Brave Crossmaglen mum battles rare condition
A young mum from Crossmaglen has opened up to The Examiner about her battle with the debilitating condition Ehlers Danlos Syndrome (EDS) in a bid to raise awareness about the rare disease and to kickstart a fundraising campaign to raise vital funds to send the 36 year old to private specialists in London.
Caroline Hughes has EDS Type3. A wife to Neil and mum of 3 young children, aged 6, 4 and 3, she struggles daily with the effects of the progressive and incurable condition which affects her musculoskeletal system, her autonomic system, the connective tissues and collagen of the body, as well as her vital organs. A person with EDS can have varying symptoms from frequent dislocations to mitral valve and organ prolapse. There is no cure for the illness, only management of the symptoms.
For Caroline, the splints on her arms and hands are a constant reminder of her regularly dislocating joints and she lives with chronic pain and extreme fatigue.
The busy mum now finds herself in the same heartbreaking predicament as fellow EDS sufferer, Seanin Smith, from Belleeks, whose ongoing fight against the disease has been well documented by The Examiner in recent years. Due to a lack of specialist medical help for EDS in Ireland, Caroline – like Seanin – needs to travel to a private clinic in London and may also require surgery in Spain and the USA. During the fundraising process, Caroline is also determined to help raise awareness of the rare condition and about living with and managing chronic conditions and pain.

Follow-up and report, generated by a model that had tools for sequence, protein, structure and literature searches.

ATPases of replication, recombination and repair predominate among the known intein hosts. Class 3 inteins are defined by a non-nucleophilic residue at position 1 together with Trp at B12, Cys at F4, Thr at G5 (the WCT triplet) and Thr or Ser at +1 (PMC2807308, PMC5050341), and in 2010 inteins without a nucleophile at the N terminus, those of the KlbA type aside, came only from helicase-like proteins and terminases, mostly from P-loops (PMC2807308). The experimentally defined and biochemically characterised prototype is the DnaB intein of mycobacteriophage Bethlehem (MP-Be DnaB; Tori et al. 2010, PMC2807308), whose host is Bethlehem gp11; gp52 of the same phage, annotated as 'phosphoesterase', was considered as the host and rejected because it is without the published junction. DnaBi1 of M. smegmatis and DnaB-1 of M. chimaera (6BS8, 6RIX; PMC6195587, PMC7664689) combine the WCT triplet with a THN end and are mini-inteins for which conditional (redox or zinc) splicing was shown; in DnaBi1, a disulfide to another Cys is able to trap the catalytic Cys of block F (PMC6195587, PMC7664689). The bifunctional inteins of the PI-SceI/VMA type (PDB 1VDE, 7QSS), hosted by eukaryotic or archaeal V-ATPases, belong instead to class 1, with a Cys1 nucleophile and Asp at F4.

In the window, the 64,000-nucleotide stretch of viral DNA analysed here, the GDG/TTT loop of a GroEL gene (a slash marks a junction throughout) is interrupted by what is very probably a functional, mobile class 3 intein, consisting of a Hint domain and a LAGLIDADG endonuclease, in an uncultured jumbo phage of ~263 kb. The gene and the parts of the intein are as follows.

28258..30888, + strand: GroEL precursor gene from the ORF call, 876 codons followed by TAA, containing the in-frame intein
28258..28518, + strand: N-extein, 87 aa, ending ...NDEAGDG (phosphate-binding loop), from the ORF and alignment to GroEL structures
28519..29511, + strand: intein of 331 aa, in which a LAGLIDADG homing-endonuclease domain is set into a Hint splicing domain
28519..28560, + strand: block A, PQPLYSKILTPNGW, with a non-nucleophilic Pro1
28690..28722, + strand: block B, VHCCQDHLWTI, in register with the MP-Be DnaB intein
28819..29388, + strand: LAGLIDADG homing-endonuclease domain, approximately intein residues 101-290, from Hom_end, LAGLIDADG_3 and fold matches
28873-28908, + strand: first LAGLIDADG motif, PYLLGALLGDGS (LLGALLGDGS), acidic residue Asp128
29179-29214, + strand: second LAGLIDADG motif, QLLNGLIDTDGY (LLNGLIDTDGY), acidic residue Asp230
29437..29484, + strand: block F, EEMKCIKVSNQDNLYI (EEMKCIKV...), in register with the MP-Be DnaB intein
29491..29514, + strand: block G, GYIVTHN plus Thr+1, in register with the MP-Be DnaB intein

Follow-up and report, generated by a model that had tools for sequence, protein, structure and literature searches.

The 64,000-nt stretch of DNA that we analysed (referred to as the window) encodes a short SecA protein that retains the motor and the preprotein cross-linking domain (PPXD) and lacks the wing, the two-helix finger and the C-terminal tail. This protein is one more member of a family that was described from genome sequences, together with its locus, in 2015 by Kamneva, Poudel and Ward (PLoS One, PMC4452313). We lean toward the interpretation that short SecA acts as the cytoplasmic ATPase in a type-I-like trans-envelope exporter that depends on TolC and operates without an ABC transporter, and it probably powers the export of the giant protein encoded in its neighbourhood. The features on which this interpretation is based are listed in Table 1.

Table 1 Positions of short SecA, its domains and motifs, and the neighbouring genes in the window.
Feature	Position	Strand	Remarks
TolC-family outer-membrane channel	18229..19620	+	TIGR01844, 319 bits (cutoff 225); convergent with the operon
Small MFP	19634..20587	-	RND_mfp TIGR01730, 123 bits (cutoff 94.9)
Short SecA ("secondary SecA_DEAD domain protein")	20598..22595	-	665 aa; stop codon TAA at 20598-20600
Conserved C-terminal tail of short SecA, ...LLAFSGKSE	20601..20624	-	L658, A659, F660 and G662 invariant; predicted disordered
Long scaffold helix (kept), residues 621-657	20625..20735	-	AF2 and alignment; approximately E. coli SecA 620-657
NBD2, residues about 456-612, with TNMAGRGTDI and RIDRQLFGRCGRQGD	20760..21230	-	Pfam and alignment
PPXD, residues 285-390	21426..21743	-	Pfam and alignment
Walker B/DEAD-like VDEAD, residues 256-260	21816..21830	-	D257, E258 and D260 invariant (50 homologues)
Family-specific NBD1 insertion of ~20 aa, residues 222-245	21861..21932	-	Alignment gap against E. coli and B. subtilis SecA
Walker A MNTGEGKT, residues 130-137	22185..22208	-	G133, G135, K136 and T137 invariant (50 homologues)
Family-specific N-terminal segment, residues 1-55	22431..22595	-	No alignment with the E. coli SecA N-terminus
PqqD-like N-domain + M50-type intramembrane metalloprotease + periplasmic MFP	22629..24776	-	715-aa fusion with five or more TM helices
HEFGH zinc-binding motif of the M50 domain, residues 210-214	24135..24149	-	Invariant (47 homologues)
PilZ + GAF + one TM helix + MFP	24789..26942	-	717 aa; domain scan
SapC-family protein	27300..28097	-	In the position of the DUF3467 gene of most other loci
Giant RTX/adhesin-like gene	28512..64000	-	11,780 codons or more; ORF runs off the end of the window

“I am hoping to raise enough money to get to the EDS clinic in London as there are no specialist centres in Northern Ireland or anywhere else in Europe,” Caroline explains.
“The chances are, as I’ve been having problems with my neck and am in a neck brace full-time now that I will need the same Craniospinal surgery that Seanin Smith underwent.”
Caroline has only been diagnosed with EDS within the last year but she says it has been an ongoing problem for the last 25 years.
“It was misdiagnosed as growing pains when I was younger, fybromyalgia and all sorts of things until eventually I got a diagnosis from the rheumatologist – and then everything started to make sense.
“EDS symptoms are so varied and it’s such a rare condition, affecting just 1 in 50,000 people that it is often misdiagnosed. Symptoms can go from bruising easily to extreme fatigue for no reason, dislocation of bones – there’s such a wide spectrum of symptoms that’s where the problem lies in getting diagnosed correctly. Also, whenever you see a consultant you’re dealing with one symptom, one part of your body, so the whole picture is never looked at so then it’s only when you piece it all together that it becomes clear.”
Caroline describes her diagnosis as “a relief to finally be told something concrete.”
“I had been going to doctors for 25 years with chronic pain, not knowing what was wrong with me and I was starting to doubt myself,” she says.
“My parents had been bringing me to doctors since I was 11 or 12 with chronic back pain, chronic leg pain, dislocating bones, erratic nose bleeds so this was going on and on and we never got to the bottom of it.
“For a stage I stopped trying to find out what was going on but then after I had each of my three children the symptoms were exacerbated and I knew I needed to find out what was wrong with me.
Caroline’s says that during her pregnancies her symptoms settled but as each pregnancy took its toll on her body, her symptoms became a lot worse.
“After my third pregnancy I was pretty much bed bound. It was at this stage where I became determined to get to the bottom of it all.
A rheumatologist in Craigavon was finally able to diagnose Caroline last year. As a Podiatrist, her strong medical background meant she had already worked out that she could have an incurable condition.
“I did think in the back of my head that I had EDS but I’d never actually said it to anyone,” she explains.
“I told the consultant I wasn’t surprised and was just glad to finally have a diagnosis.